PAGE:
Editor’s Note: This story was written by and republished with the permission of Ithaca Week, a weekly magazine produced by the students of the Advanced Multimedia Journalism class at the Roy H. Park School of Communications, Ithaca College.
Better make that next coffee a “grande:” a Cornell-led study published in May shows that the degradation of the retina may be prevented by drinking coffee.
The study, conducted by Cornell Professor Chang Y. Lee and graduate student Holim Jang, shows that coffee has “some positive effect on [preventing] coronary heart disease, Type 2 diabetes, [and] Alzheimer’s.”
The study began last year when Jang, a frequent coffee drinker, approached Lee about the relationship between the chlorogenic acid compound in coffee and its ability to prevent oxidative stress. Oxidative stress is caused by aging and, as Lee says, “wear and tear.”
“These days, we use our eyes more than ever before,” Lee said. “We have small telephone all day long and the computer over here, [and] …we are having more problems related to the eyes.”
Initial tests yielded positive results, but further examination revealed it was not just pure, chlorogenic acid reaching the retina, but also two smaller compounds derived from chlorogenic acid. These smaller compounds are dihydroxyhydrocinnamic acid (DHCA) and dihydroferulic acid (DHFA). As compared to chlorogenic acid, which the body does not absorb well, these two metabolites are well-absorbed by the bloodstream and carried to the retina.
“We [changed] our research path,” said Lee. “Instead of chlorogenic acid, we should understand what these transformed, new compounds are working.”
These two compounds are working on the macula, or the center part of the retina, says Dr. Robert Innocenzi, an ophthalmologist in Chino, California.. Lee and Jang’s study says degeneration of this area begins around the age of 27; thus, theoretically, coffee could begin strengthening the all-important retina before individuals reach the age of 30, let alone 60.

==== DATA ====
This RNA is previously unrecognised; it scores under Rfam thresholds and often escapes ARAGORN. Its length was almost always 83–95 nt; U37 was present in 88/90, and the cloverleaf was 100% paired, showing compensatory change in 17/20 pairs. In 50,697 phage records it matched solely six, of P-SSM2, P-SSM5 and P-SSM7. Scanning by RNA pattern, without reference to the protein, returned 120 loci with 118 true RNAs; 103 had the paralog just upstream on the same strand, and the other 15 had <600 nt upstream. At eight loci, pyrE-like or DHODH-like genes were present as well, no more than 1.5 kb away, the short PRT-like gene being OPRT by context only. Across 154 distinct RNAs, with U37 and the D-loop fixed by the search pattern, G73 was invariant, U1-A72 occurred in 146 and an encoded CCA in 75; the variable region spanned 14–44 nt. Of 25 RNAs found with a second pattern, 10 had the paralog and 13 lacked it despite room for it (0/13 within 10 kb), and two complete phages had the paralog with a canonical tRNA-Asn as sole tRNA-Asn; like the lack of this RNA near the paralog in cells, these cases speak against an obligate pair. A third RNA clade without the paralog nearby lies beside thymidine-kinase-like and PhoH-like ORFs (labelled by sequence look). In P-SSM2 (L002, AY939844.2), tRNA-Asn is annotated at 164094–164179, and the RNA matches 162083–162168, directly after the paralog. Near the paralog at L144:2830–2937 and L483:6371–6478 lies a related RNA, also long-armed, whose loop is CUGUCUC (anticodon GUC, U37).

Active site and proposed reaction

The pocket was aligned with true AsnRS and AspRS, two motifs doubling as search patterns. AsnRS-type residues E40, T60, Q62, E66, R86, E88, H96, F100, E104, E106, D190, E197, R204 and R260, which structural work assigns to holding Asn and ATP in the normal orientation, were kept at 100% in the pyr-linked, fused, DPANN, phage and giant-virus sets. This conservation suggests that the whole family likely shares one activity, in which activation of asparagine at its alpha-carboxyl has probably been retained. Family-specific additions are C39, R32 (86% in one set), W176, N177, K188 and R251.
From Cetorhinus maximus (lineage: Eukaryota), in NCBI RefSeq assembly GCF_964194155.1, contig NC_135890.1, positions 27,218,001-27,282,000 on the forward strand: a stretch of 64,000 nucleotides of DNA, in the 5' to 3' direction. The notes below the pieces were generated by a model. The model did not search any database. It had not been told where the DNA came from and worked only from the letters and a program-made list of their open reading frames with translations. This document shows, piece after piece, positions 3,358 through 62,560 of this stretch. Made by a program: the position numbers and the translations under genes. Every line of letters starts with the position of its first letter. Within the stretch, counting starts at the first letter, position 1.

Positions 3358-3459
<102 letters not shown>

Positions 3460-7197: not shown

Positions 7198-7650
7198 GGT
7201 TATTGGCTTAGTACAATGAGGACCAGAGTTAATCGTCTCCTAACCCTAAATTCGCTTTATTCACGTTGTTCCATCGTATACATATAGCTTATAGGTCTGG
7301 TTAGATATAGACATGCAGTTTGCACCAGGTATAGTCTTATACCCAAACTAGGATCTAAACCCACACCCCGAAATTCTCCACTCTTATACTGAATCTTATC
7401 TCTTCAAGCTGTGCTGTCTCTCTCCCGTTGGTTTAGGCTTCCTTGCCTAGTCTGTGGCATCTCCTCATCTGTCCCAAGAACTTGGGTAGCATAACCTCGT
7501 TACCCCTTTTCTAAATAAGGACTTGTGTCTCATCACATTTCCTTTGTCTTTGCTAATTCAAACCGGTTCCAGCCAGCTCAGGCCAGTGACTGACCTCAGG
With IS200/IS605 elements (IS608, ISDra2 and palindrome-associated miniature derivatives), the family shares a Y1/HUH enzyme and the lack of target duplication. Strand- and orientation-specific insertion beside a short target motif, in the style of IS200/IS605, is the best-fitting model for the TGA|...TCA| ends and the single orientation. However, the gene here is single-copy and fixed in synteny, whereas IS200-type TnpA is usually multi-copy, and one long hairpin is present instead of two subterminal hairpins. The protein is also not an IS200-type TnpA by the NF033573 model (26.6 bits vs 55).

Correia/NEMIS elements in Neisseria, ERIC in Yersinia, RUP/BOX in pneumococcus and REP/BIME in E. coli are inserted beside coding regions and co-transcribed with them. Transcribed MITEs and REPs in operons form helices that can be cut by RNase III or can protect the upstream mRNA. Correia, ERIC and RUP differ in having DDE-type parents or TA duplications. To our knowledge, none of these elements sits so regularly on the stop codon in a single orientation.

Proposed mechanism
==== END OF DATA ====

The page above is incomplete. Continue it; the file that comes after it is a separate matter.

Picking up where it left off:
“[The retina] is the most important thing,” said Innocenzi. “If there is a problem with the retina, especially in the center part of it, the patient wouldn’t be able to see or would lose significant amount of vision and that is very difficult to treat.”
Lynne Pierce knows the importance of the retina all too well. She was rushed to Retina Vitreous Surgeons of Central New York on September 11, 2014, after doctors discovered a tear in her retina.
“It’s so frustrating because I can’t see,” said Pierce. “It’s been two weeks [since the surgery], and I did not anticipate the recovery to be this long.
Still, there are questions regarding this on-going research.
“The one issue,” said Dr. Ed Kulback, an optometrist in Freehold, N.J., “is that results have not been very conclusive as far as what to do at 20-years old to prevent this from happening at 60, 70-years old.”
“There are so many if, then, this, that’s,” said Mimi Mehaffey, owner of popular coffee-shop chain Collegetown Bagels in Ithaca, N.Y. “[But] the more science that is done that says it’s good makes me feel even better about offering and selling it.”
Holim Jang is currently at the Korea Institute of Science and Technology (KIST), where human testing of this study is being conducted.
Although he feels all the more excited for his morning cup of coffee after this study, Lee will be sticking to the recommended, 3.1 cups of coffee per day.
“Like any other things…moderation is the key,” Lee said. “So, up to 3-4 cups, enjoy, [and if] it has a beneficial effect, then so be it.”